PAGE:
Each time I see my son, whether here on Maui or at his current home in Michigan, it gets harder to say goodbye. Over three weeks have passed since our most recent visit, and I’ve still got the post-parting blues, intensified by Jimmy’s impending birthday and the realization that we’ve now spent more special occasions apart than together.
It’s thrown me into a serious comfort food binge which, unfortunately, has amplified my melancholy, because I haven’t been able to replicate all of my childhood favorites. Oh, it’s easy enough to assemble a butter and sugar sandwich or open a can of tuna onto a bed of shredded lettuce. But even when following Mom’s recipes, I’ve never been able to cook chicken hekka or shrimp curry that’s as good as hers. I do make a pretty good creamed tuna, though.
The most elusive comfort dish is also the simplest: my Auntie Sachan’s ochazuke. Ochazuke — white rice and hot tea in a rice bowl — is a staple in local Japanese homes, usually garnished with tsukemono, Japanese-style pickles, or ume (salted plum). Auntie, like most folks, always added takuan, the pungent, bright yellow, pickled daikon. Whenever I spent the night at Auntie’s, she always made a bowl for me after dinner and sometimes for breakfast and/or lunch. In the past 50 years, I’ve eaten hundreds of bowls of ochazuke, but none has been as good as hers.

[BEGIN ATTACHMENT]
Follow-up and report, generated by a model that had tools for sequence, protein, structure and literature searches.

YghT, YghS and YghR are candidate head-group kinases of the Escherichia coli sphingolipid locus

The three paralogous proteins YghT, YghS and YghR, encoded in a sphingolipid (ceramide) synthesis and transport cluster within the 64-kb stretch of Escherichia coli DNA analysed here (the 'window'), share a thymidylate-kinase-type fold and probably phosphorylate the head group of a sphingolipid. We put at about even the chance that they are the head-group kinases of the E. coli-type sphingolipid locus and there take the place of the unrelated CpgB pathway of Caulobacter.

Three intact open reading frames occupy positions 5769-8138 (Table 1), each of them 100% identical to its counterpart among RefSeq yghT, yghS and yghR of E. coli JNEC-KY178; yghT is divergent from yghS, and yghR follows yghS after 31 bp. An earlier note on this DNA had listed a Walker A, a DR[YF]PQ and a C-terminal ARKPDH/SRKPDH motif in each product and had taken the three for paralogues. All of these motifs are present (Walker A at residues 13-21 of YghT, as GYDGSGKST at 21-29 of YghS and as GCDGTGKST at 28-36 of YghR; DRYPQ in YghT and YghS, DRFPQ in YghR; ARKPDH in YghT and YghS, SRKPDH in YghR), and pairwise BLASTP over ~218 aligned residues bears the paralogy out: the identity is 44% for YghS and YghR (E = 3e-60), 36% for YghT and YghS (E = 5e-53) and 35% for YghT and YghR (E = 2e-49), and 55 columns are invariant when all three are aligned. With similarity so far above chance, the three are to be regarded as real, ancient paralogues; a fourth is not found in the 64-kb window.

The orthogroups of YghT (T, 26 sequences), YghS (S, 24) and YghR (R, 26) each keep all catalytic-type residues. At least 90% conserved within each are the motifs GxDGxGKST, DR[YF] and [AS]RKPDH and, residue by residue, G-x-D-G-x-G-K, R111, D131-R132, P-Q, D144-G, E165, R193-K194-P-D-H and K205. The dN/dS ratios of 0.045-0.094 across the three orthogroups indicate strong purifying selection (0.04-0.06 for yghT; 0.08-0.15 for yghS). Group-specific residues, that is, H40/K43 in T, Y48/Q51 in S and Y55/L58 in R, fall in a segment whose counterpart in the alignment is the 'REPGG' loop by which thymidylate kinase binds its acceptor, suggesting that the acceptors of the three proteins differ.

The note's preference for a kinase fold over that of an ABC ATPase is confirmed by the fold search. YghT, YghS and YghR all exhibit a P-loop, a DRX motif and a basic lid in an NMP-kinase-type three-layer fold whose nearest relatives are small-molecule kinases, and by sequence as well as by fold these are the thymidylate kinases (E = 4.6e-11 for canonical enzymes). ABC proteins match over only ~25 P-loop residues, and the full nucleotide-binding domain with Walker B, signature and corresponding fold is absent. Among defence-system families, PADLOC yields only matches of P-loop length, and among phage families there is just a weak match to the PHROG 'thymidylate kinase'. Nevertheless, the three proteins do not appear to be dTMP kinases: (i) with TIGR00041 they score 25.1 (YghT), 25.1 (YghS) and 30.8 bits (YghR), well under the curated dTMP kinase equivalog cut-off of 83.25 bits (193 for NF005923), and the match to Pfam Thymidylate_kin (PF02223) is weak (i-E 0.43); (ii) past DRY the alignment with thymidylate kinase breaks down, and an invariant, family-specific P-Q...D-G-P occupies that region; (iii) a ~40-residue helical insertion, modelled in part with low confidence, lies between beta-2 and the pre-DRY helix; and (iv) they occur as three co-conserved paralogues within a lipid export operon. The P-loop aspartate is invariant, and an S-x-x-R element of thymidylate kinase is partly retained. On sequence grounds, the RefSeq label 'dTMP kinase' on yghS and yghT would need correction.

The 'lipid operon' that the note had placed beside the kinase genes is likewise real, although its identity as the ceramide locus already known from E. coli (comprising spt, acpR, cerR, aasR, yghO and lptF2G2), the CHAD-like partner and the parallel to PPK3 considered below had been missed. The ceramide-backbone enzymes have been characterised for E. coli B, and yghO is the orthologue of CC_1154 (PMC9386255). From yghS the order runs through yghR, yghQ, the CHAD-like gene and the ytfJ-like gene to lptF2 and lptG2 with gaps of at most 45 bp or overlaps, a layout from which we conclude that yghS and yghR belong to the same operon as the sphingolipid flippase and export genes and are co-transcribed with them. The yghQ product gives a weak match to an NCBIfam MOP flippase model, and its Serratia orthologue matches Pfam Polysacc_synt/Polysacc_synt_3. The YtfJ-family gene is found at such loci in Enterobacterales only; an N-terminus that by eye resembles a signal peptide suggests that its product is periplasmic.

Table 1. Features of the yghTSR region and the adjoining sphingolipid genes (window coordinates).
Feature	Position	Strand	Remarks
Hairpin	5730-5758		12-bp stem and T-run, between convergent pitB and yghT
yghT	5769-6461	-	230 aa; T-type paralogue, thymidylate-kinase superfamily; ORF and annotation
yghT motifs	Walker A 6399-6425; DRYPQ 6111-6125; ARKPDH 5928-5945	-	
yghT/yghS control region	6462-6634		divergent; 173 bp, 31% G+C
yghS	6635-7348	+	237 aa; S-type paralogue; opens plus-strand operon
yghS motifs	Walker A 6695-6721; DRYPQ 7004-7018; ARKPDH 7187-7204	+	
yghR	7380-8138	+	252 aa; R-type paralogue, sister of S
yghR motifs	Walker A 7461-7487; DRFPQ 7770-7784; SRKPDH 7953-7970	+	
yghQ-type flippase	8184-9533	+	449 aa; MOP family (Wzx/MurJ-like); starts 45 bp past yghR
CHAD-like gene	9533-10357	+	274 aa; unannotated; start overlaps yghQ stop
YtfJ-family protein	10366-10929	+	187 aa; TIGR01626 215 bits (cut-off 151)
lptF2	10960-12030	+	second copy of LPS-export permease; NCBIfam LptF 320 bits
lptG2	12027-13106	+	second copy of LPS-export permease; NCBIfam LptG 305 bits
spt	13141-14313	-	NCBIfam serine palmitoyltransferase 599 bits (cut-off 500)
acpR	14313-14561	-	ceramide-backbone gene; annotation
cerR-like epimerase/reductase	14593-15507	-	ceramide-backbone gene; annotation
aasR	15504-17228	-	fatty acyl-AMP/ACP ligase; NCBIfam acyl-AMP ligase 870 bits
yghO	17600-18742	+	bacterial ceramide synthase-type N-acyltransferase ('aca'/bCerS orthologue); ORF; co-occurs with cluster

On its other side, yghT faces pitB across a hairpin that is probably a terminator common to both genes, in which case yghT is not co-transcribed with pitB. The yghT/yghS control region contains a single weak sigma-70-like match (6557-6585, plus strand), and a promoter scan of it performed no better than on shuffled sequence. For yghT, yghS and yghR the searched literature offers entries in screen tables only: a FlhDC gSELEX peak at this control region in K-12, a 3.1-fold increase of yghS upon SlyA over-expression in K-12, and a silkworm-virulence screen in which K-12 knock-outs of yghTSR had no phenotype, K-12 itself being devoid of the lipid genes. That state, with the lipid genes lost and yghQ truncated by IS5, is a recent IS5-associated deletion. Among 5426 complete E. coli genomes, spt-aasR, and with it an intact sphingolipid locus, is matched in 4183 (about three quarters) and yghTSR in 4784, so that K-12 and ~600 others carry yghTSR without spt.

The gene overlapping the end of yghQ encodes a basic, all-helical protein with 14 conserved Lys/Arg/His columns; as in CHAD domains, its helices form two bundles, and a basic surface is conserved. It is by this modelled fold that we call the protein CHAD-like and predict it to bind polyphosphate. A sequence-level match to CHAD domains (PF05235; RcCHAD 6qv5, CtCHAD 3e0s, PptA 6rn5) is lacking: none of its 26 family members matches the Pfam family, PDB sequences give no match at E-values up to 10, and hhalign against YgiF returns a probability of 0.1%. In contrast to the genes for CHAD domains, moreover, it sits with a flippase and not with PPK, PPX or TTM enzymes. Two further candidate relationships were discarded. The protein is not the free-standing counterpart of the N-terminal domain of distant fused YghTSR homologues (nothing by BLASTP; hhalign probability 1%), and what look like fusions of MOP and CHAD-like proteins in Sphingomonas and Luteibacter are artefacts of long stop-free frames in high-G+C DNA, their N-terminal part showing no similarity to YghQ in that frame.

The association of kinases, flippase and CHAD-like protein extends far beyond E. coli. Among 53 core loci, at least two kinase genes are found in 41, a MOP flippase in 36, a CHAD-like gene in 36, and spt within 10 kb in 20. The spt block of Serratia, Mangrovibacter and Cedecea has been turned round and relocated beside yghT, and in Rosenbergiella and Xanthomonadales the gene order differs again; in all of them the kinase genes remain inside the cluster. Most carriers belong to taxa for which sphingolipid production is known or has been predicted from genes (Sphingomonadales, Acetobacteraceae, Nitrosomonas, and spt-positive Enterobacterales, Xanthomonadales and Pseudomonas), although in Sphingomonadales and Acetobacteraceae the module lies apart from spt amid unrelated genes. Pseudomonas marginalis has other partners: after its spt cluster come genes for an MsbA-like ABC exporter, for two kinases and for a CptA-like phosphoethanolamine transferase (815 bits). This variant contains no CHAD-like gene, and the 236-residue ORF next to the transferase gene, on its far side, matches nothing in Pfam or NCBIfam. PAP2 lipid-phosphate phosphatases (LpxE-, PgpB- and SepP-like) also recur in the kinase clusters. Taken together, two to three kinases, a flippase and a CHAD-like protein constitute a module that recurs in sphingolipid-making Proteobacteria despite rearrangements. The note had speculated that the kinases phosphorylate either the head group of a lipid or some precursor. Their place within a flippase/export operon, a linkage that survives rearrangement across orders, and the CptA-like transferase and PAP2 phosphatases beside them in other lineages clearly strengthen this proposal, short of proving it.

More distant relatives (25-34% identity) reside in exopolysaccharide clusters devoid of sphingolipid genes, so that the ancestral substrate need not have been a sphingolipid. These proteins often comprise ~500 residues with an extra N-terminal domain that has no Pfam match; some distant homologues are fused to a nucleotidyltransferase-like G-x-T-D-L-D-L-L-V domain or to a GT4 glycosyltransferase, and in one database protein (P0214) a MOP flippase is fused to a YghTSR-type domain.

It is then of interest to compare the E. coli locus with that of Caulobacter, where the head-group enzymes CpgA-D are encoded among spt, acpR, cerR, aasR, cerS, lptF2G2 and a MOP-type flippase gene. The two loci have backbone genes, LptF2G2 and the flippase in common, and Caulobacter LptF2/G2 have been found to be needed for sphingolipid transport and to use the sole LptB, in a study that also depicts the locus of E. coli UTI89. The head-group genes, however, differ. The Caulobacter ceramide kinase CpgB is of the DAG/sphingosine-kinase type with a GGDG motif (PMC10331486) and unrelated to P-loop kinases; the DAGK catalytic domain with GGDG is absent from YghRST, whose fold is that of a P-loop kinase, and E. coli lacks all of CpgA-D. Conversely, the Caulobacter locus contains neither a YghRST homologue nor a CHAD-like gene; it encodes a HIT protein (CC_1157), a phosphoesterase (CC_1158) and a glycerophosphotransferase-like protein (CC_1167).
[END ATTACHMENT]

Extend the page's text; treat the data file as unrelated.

Once in a while, on a cold day, Auntie would make Portuguese bean soup. Having been born and raised in Makawao, she and Mom would say the same thing when either of them served up the hearty dish: “Not as good as Club Rodeo’s, but cannot help. It’s Japanese-style Portuguese soup.”
Auntie passed away far too soon, almost 30 years ago, and Mom doesn’t make soup anymore. But this Saturday, I’ll get to comfort myself with a bellyful of this local favorite, as a judge in the Best Portuguese Bean Soup Contest at Po’okela Church.
The contest is a highlight of the church’s annual bazaar, which also includes Hawaiian music and hula, pony rides and games for keiki, a rummage sale, silent auction and lots of food, including samples of the contest entires. The bazaar will be held from 7 a.m. to 2 p.m. Saturday, with the soup contest at 10 a.m.
Anyone is welcome to enter the contest, whether your Portuguese soup is Japanese or any other ethnic style. There’s no entry fee, and prizes will be awarded. Just show up at the church grounds (200 Olinda Road) no later than 9:45 a.m. with a pot of soup and a ladle. You don’t have to share your recipe, just your soup.
I’ve learned from experience that two people can follow the same recipe, using the same ingredients, but produce entirely different results. Technique is a major factor.
Take Auntie Sachan’s ochazuke. Like a mama bird feeding her young, Auntie would position her face above my rice bowl, a slice of takuan in her hand, and bite off little pieces, letting them drop into the ochazuke, one at a time. Described in print, it sounds kind of gross, but it seemed perfectly natural at the time.
Now, when I make my own ochazuke, I just top it with a couple of slices or a handful of chopped takuan. I’ve tried Auntie’s method a number of times. But it’s never as good as I remember. My mother and I laugh about it from time to time.
Once I asked, “Do you think it was Auntie’s spit that made her ochazuke so good?”
“I think it was her love,” Mom replied.
* Kathy Collins is a radio personality (The Buzz 107.5 FM), storyteller, actress, emcee and freelance writer whose “Sharing Mana’o” column appears every Wednesday. Her email address is firstname.lastname@example.org.